Last month, the Government published the final report from its independent taxi licensing review in England. While the report recognises a number of issues with the legislation surrounding regulation of the sector, it fails to adequately address the pressing need for a national system of licensing.
The taxi and private hire vehicle (PHV) industry has undergone significant changes in recent years, as market conditions have shifted to accommodate the rising popularity of smartphone booking apps such as Uber.
In response to these changes, in 2017 the Government commissioned an independent review to assess the adequacy of current taxi and PHV licensing authority powers, and to make recommendations for action on identified priority issues.
Time for change
The final report from this review, published at the end of September 2018, recognises that the legislation underpinning taxi and PHV licensing, much of which was written several decades ago, is not fit for purpose.
“PHV legislation was written for a world where radio signals were unlikely to reach outside the licensing authority area, and people had to go to a local minicab office, or telephone it using a landline, to book a car.”
Taxi and Private Hire Vehicle Licensing: Steps towards a safer and more robust system (2018)
The report makes a series of recommendations to both Government and licensing authorities, including the introduction of measures to improve passenger safety, such as the mandatory installation of CCTV in vehicles and the enforcement of national minimum standards for drivers.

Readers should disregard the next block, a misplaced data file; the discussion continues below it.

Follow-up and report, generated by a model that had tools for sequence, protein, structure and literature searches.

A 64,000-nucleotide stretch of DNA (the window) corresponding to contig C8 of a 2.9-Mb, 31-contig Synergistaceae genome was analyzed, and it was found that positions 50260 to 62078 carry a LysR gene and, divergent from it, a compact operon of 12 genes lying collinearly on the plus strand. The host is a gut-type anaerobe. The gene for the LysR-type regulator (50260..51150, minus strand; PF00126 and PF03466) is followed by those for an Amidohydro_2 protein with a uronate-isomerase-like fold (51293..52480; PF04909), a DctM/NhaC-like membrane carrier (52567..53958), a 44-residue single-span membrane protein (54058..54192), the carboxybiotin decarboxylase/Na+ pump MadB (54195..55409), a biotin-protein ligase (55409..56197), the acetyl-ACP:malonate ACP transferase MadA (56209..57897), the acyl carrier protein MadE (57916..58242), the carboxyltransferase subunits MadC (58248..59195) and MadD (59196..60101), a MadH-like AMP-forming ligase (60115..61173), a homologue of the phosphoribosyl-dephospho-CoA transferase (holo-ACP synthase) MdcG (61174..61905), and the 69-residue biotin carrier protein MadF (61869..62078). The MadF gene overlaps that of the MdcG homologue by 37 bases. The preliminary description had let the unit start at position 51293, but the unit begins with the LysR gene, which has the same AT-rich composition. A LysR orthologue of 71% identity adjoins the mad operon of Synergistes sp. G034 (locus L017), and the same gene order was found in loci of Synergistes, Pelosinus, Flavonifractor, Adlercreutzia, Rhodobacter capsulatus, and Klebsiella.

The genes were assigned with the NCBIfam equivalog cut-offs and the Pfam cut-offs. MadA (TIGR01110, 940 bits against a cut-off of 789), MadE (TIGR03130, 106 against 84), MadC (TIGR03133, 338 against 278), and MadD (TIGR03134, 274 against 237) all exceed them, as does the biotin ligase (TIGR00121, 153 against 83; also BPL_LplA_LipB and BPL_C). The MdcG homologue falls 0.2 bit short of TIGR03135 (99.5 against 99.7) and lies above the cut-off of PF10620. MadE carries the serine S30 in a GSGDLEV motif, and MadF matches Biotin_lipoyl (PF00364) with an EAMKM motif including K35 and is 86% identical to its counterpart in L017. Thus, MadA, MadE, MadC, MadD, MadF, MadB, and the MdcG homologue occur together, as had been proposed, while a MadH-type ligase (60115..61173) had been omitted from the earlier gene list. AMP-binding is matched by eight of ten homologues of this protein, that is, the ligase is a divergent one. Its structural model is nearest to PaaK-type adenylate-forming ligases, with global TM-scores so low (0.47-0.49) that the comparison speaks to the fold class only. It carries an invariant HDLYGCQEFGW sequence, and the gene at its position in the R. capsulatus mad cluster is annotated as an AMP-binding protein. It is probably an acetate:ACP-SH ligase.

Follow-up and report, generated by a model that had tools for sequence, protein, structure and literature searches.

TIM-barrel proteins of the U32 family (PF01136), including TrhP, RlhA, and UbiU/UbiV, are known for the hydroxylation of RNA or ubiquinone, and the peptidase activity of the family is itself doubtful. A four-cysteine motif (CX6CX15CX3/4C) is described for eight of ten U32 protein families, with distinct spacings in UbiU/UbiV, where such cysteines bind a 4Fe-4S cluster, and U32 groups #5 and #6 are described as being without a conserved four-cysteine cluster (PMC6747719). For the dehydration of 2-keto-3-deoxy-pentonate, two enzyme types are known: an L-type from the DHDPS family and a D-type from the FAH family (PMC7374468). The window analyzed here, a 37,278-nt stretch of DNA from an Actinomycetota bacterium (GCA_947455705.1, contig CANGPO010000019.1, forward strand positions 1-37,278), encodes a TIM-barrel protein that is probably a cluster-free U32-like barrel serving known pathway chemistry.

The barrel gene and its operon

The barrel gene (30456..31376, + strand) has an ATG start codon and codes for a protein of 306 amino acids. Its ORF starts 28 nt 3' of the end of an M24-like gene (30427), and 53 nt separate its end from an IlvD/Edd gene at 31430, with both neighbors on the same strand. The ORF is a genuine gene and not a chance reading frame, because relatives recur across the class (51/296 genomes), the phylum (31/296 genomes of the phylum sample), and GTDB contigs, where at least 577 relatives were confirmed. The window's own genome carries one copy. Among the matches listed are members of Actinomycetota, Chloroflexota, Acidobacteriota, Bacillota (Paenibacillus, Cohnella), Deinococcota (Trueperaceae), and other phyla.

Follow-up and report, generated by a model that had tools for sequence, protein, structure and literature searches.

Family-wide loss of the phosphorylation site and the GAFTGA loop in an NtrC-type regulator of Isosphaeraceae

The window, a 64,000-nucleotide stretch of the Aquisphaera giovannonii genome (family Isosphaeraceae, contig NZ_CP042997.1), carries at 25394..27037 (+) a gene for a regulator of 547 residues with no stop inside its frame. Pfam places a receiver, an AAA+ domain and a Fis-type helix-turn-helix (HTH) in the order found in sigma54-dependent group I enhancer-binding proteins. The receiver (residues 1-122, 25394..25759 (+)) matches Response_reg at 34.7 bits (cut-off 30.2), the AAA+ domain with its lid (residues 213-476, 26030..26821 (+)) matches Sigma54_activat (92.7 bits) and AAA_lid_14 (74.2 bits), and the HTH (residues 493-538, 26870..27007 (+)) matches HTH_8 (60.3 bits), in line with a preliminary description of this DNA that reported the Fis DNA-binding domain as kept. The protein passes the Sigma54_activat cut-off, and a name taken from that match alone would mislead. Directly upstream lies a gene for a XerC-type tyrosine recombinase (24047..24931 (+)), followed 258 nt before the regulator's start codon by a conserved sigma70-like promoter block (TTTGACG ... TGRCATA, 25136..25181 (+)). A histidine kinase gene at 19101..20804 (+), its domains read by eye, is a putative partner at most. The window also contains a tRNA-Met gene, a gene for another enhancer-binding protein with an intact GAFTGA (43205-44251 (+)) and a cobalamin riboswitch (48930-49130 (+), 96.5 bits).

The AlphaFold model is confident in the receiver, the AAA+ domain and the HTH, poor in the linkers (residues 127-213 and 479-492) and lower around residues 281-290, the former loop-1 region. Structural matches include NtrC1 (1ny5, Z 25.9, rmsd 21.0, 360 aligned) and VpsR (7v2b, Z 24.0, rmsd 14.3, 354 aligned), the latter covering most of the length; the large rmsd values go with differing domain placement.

It also recommends that all taxi and PHV journeys should start and/or end within the area for which the driver, vehicle and operator are licensed. This has significant implications for areas such as Birmingham, where many taxi and PHV drivers operate despite being licensed elsewhere.
However, the report fails to address what may be a broader solution to many of the issues facing the sector, and one that we have pointed to before: the implementation of a national system of regulation, similar to that used for HGVs and coaches.
Licensing of HGVs and coaches (in Scotland as well as in England and Wales) is the responsibility of a public body known as the Traffic Commissioners for Great Britain. Traffic Commissioners have a great deal of authority and autonomy, and their own system of public inquiries in which they can make findings of fact about drivers’ suitability. The introduction of such a system for taxis is certainly not beyond the bounds of possibility.
This Government review is a promising step towards creating meaningful change in the regulation of taxi and PHV licensing. But, while any efforts to reform legislation by bringing it in line with the modern world are commendable, the failure to use this review to propose a genuine overhaul of the regulatory model represents a significant missed opportunity.
For more information on all taxi licensing matters, contact Regan or Gemma at email@example.com, or call 0121 201 3765.